Galveston mayor to resign, citing health concerns due to the coronavirus pandemic

Galveston Mayor Jim Yarbrough is resigning from his position effective July 15, saying he believes the city needs a leader that can be there in person through the rest of the year.

Yarbrough, a Galveston native and Democrat who was first elected in 2014 and is term-limited, had planned to step down officially in July had Galveston not postponed its local elections in May due to the coronavirus pandemic. With the elections now pushed to Nov. 3 and Yarbrough still working remotely due to health concerns, he said he thought it was an appropriate time to step down as the city government began to conduct more of its operations in person.

“At the end of the day, I’m in good health but I have one lung, so I’ve been real serious about this (virus) and concerned for my personal health, which is why I’m still kind of in the shelter-at-home mentality,” Yarbrough said in a phone interview Friday. “Now we’re opening up and things are getting back to a more traditional way of life. We’ll soon be having committee meetings and (City Council) meetings in person versus Zoom, and I’m just not in a position to make those meetings and do that stuff.”

Mayor Pro Tem Craig Brown, a Democrat running to replace Yarbrough, will serve out the rest of Yarbrough’s term effective July 15. Yarbrough said while he is supporting Brown in the race to succeed him, he denied that Brown had any advance notice of his decision to step down. Yarbrough sent a letter to the City Council Wednesday night explaining his resignation, and said he only notified Brown hours before he sent the letter.

“He was given no heads up, it wasn’t a political plot to organize some deal here,” Yarbrough said. “I don’t think it helps Craig, people don’t like anything that looks like an anointment or a passing of the baton or any of that type of stuff.”

Still, Yarbrough acknowledged that Brown will have the advantage of giving the public a glimpse of his leadership style before the election. Brown is one of five mayoral candidates on the ballot in November. Since Yarbrough’s resignation is close enough to the November election, the city charter doesn’t require a special election to fill his post.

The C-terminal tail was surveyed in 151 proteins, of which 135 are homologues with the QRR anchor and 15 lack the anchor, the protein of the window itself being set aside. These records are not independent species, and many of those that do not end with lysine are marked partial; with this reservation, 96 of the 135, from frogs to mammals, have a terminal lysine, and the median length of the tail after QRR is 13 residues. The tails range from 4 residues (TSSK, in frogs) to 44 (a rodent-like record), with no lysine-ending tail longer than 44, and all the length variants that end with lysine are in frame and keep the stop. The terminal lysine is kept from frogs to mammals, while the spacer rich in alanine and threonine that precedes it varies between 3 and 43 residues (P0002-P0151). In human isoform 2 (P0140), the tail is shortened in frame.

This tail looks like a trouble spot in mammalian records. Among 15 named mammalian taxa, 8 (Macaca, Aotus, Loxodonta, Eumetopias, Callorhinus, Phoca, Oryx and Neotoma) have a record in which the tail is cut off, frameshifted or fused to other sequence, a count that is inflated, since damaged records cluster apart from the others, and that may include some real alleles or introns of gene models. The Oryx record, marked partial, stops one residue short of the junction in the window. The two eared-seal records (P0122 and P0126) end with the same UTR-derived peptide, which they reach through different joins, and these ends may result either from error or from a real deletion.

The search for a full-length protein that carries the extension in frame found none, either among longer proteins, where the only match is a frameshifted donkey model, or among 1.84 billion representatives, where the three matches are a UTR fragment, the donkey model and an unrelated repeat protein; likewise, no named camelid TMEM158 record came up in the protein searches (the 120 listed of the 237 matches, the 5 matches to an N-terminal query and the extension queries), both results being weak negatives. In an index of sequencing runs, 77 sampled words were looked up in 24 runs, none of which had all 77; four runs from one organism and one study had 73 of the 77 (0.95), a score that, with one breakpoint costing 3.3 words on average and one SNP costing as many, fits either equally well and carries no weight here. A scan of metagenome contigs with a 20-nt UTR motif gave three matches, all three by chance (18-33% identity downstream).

Yarbrough’s decision to step down in July was also influenced by the arrival of hurricane season, he said. Having served as Galveston County judge from 1995 to 2010, shepherding the county through the devastation wrought by Hurricane Ike in 2008, Yarbrough said his experience is that disaster management requires a physical presence that he is unable to provide during the pandemic.

“You don’t have the liberty of having somebody else going out and assess damage and look at stuff and call you back and contemplate it for a day or half a day and then make a decision,” he said.

With the state now continuing its phased reopening after a nearly two-month shutdown due to the coronavirus pandemic, Yarbrough said he was resigned to the fact that there was little more he could do on a local level to manage the virus response. Galveston was the first city in the county to institute a stay-at-home order, and the city also made the decision to close beaches to the public while the statewide stay-at-home order was in place.

“We’re not finished with (the virus) in my mind, but I’ve come to the conclusion that the heavy lifting on the part of local governments is done,” Yarbrough said. “If there’s any rebounds in (the virus) and any big decisions, it’s become clear to me they’re gonna be made out of Austin, not Galveston. I don’t agree with it but that’s where we are and that’s what we have.”

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About the Author: Nick Powell

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